Cheers June 2015

Cheers is dedicated to delivering hospitality professionals the information, insights and data necessary to drive their beverage business by covering trends and innovations in operations, merchandising, service and training.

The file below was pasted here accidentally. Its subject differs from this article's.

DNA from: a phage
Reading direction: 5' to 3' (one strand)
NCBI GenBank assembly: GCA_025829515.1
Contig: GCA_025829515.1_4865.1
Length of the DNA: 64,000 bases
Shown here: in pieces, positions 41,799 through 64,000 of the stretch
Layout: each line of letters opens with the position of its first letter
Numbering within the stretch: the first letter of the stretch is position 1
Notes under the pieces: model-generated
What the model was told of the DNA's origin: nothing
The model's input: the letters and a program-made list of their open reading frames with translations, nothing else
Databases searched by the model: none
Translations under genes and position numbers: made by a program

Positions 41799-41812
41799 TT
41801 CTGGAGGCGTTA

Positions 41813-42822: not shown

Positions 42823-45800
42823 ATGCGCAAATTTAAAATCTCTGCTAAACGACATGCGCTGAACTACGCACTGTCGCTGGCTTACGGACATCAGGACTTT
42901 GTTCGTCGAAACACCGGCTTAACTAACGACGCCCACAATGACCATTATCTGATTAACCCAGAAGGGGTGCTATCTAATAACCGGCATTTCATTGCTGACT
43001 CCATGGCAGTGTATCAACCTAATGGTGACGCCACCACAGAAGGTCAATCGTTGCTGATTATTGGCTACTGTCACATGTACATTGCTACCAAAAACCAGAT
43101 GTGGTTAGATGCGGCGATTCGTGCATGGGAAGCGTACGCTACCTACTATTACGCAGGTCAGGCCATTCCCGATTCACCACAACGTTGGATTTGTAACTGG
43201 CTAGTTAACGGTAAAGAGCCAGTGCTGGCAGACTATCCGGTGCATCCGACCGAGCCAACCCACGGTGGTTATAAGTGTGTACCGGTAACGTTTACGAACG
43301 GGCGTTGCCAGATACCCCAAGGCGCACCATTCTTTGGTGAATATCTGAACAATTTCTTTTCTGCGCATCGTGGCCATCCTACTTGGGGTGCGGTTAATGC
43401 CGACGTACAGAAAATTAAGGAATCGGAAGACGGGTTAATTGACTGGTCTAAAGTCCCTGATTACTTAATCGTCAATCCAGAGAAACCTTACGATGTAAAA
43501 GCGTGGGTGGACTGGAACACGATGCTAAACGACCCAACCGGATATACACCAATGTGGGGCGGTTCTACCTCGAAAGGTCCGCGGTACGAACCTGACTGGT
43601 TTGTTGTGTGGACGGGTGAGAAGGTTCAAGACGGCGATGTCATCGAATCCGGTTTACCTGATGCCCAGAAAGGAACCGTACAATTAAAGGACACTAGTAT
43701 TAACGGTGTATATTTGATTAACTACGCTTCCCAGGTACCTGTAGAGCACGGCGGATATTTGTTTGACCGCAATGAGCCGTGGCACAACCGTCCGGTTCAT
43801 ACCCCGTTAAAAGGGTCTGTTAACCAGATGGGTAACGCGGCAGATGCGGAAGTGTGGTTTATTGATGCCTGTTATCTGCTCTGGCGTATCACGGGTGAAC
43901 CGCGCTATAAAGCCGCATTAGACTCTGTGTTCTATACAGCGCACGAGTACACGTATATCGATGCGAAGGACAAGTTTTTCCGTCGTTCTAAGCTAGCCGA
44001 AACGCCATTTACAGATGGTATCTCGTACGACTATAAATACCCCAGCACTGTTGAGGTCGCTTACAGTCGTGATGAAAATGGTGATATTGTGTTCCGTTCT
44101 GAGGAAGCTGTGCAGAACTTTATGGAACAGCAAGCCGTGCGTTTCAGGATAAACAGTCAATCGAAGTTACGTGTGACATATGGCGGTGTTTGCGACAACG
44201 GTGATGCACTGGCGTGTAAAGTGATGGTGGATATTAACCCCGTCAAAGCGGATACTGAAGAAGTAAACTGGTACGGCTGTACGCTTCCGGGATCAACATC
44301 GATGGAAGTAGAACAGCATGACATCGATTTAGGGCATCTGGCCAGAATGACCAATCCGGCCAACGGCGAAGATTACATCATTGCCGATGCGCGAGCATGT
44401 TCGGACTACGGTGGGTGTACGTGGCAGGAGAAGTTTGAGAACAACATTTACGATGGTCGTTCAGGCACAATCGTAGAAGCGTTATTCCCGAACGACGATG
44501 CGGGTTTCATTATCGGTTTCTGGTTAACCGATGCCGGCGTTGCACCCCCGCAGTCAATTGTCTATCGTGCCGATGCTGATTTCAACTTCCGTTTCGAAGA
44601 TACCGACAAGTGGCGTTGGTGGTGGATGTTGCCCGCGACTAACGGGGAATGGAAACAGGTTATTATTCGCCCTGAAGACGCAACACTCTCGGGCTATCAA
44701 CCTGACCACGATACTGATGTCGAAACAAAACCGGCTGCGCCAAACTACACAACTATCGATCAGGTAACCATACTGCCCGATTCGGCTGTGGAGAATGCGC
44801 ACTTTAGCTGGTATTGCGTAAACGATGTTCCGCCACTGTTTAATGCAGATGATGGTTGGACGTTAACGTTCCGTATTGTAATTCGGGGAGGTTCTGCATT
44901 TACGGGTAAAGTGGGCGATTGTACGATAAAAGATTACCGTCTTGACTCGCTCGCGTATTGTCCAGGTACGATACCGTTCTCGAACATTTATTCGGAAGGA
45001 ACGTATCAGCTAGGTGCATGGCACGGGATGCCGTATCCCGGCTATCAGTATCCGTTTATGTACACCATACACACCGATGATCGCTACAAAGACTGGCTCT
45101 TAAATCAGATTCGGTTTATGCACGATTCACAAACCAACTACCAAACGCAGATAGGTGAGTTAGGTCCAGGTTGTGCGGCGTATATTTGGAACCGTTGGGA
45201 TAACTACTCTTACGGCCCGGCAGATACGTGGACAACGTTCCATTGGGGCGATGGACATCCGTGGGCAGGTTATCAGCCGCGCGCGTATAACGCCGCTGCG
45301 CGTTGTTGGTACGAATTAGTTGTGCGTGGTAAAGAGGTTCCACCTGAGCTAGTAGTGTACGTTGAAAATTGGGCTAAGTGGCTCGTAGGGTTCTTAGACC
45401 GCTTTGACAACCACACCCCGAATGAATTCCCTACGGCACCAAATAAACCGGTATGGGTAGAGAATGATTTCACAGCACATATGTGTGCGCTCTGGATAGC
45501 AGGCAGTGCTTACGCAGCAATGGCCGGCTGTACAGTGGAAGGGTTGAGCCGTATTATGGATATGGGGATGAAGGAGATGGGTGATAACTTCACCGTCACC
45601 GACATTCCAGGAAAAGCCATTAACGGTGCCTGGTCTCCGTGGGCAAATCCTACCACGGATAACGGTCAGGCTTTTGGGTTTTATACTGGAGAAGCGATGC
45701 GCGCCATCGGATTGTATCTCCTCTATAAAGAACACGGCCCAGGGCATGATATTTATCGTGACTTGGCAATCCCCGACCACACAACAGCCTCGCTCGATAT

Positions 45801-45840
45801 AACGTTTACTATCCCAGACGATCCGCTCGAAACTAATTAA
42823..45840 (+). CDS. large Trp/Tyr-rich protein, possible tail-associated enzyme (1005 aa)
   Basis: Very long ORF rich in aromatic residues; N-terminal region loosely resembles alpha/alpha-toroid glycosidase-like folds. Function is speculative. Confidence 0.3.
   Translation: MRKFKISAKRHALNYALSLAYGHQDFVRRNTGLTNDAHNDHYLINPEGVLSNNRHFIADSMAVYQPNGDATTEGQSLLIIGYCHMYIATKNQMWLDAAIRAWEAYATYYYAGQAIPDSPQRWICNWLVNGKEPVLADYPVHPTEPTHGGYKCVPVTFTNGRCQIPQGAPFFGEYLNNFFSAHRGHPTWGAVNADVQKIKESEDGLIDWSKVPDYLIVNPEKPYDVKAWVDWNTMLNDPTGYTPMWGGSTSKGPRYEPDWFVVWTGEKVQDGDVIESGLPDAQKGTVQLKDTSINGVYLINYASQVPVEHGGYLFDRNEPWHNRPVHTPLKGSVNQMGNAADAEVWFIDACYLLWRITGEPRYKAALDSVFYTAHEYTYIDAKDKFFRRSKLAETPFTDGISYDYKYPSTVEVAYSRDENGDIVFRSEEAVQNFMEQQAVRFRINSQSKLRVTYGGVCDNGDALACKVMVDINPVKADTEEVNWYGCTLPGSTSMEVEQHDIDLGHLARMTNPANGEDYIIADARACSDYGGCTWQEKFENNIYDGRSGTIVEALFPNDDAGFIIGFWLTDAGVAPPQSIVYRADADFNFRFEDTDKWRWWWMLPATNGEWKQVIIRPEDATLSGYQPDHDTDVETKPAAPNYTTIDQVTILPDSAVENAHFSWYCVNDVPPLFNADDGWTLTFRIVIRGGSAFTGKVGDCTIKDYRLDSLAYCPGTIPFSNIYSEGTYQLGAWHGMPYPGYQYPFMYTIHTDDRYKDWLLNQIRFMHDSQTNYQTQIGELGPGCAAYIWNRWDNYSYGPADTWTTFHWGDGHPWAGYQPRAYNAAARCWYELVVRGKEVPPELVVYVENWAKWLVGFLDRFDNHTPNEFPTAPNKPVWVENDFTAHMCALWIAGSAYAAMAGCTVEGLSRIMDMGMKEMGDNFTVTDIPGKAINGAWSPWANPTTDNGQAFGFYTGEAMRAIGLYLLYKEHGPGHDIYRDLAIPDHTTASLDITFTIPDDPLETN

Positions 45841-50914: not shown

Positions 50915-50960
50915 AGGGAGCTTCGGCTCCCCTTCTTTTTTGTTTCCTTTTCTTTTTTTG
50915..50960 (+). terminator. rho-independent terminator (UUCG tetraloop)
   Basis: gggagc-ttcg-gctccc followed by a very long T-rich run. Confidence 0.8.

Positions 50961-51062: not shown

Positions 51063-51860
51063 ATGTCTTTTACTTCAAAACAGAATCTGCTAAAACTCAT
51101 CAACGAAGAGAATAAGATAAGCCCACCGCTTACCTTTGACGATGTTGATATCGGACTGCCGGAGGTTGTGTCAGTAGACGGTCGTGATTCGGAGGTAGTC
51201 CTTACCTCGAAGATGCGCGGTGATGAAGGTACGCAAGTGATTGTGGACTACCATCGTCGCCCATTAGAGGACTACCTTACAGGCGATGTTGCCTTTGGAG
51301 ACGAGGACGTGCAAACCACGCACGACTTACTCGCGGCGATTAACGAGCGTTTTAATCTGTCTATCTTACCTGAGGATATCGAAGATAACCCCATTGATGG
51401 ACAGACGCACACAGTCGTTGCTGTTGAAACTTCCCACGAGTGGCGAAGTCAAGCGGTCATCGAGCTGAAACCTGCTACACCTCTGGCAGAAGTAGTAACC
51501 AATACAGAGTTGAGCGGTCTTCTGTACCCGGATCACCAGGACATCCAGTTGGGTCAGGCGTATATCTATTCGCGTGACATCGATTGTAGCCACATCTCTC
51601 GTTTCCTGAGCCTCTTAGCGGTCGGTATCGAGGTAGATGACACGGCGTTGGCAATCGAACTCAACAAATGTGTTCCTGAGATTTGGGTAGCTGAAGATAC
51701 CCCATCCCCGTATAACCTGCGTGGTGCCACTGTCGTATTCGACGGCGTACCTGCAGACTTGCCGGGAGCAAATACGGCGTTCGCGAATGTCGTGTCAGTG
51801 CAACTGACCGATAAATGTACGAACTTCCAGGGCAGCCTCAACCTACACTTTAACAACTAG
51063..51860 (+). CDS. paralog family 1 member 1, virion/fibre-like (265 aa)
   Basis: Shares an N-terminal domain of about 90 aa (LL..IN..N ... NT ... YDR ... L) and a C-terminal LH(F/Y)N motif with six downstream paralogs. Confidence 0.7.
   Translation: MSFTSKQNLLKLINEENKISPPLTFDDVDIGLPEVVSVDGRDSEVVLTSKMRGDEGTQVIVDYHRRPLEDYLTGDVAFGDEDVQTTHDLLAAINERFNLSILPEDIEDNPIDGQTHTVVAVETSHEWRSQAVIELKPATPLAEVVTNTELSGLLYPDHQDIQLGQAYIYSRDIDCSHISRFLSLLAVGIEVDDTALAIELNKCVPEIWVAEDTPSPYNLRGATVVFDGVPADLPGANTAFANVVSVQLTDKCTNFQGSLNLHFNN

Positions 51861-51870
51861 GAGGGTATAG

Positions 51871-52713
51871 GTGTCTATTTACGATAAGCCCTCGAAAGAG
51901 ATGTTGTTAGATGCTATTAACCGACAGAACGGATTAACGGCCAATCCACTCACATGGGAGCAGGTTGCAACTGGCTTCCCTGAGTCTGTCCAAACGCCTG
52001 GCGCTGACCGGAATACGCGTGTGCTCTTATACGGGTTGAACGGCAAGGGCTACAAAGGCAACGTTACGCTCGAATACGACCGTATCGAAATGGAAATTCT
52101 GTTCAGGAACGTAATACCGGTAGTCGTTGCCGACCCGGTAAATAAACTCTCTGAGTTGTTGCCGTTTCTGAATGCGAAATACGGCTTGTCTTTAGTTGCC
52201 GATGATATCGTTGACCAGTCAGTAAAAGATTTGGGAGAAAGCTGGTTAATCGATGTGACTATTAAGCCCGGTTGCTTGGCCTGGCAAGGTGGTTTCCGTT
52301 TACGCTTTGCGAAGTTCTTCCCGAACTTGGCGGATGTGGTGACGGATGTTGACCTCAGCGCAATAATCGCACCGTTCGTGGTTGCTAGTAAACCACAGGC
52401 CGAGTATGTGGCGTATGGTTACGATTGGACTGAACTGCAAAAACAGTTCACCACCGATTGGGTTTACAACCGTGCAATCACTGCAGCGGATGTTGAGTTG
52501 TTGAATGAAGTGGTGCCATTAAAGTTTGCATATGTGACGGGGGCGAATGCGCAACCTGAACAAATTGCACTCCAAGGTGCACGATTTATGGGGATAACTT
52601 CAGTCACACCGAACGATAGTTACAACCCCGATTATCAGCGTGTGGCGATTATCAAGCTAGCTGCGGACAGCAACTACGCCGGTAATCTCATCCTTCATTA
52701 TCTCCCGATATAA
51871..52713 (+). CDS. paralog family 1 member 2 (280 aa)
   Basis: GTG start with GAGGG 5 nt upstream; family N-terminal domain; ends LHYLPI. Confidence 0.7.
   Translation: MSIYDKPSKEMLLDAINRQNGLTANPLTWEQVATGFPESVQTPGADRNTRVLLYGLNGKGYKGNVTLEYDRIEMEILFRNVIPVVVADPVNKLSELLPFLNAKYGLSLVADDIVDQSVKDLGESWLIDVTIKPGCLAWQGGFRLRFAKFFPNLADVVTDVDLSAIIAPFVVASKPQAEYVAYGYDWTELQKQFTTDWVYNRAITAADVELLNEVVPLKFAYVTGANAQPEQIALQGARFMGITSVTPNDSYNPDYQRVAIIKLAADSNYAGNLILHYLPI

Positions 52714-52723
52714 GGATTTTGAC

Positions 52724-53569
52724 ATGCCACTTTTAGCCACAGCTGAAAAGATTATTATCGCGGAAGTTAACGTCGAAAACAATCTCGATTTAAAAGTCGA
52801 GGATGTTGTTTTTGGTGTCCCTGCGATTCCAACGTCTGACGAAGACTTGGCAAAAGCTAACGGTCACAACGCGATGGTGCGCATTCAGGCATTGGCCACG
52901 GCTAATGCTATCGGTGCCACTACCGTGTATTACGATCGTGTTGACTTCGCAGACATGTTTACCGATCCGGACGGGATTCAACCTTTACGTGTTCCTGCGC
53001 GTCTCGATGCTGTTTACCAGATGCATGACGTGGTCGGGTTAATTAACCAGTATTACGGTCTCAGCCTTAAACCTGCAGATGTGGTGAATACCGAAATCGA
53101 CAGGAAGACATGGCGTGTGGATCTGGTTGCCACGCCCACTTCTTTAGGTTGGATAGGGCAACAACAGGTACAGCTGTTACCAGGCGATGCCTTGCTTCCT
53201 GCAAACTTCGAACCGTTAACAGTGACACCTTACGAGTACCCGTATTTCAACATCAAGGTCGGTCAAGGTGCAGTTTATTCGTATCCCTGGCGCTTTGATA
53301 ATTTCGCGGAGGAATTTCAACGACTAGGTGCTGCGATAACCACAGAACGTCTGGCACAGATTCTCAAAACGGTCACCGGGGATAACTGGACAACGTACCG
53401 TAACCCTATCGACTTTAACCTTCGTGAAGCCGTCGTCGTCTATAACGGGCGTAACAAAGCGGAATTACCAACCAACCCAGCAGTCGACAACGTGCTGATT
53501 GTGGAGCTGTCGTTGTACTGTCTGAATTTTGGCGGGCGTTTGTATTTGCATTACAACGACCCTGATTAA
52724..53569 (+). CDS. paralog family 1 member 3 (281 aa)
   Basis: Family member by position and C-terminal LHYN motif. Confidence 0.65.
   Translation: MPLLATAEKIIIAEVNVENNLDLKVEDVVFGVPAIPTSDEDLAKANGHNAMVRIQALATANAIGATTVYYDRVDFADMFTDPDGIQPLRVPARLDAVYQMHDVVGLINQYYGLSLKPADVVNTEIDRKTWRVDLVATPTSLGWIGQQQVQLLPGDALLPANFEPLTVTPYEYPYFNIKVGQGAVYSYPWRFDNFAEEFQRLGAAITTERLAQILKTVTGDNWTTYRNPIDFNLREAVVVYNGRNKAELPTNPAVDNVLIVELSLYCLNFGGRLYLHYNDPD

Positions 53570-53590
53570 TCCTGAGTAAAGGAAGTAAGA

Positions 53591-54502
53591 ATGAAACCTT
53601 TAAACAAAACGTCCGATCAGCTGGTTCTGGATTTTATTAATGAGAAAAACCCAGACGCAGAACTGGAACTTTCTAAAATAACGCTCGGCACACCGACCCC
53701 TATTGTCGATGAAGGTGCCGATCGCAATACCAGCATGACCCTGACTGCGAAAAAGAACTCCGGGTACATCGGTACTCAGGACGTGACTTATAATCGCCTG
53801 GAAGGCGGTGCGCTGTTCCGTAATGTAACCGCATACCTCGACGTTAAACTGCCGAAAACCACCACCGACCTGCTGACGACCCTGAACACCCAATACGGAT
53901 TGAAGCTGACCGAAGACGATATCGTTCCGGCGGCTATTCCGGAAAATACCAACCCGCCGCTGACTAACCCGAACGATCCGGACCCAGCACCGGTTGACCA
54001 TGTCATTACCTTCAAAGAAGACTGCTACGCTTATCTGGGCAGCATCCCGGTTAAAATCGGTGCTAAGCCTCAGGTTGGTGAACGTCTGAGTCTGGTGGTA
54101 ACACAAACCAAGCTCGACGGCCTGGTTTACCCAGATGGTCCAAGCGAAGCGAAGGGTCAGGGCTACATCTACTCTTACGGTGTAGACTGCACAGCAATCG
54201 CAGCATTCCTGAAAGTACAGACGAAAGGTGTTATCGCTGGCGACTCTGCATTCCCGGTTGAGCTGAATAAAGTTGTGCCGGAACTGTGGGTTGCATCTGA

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Page 34 of 51 35 June 2015 • USE A MISTO SPRAY BOTTLE TO MIMIC A RINSING TECHNIQUE. It's quicker to spray your spirit from the Misto bottle into a glass than it is to pour a tiny amount in, coat the inside of the glass, then dump the excess, says Peters. This also eliminates waste "and will extend the life of a bottle three to four times longer than if you use a traditional rinsing technique." What's more, the spray rinse can be a beautiful and interesting part of your drink presentation, Peters notes. "Spraying vermouth or absinthe into a glass in front of your guests really piques their interest and can start a dialog that will make for a unique experience that can be quite memorable." DEVELOP YOUR SIGNATURE SHAKE. Have fun when you shake a drink: "It's one of the most important parts of bartending, because it makes the spirit smooth by dilution and customers love it," says Blair of the Whiteface Lodge. Every bartender has his or her own shake, so don't be afraid to get creative. But be sure to count the shakes and make them the same every time, Blair notes. "The more or less a drink is shaken determines the consistency of the cocktail, which ultimately brings people back to the bar." MAKE A COMPLEX DRINK IN BATCHES. Some state laws prevent bartenders from batching their pours, so split the alcohol from the mix, Blair says. Instead of adding each ingredient at a time, make a large batch and put it in a bottle. "The mix should fi t easily in a quart container and makes it super easy when the mixer is out," Blair says. Just grab a funnel, refi ll your bottle and continue pouring. The ration of this type of prebatched cocktail is roughly one part spirit to two parts mixer, he adds. SMILE AND BE FRIENDLY. Keep a few interesting stories and jokes in your back pocket for making conversation with guests, says Labinot Gashi, bartender at Gaby Bar in the Sofi tel New York. Remember that "you're not serving people drinks, you're serving drinks to people," Sabrine Dhaliwal, bar manager, West Restaurant + Bar, Vancouver, BC. Women tend to have a certain touch and fi nesse that men don't, she says, so if you're a female bartender, "be proud of it, be yourself and work hard. And there's not much that can beat a smile from a woman." REMEMBER YOUR REGULARS. Always remember what your regular customers like to drink, Gashi says. It will keep them coming back. And when you do fi nd yourself serving returning customers, ask them if they'd like their usual as opposed to the name of the cocktail, Gashi adds. "This makes guests feel good: They've found someone who listens to them." BOB PETERS SABRINE DHALIWAL LABINOT GASHI

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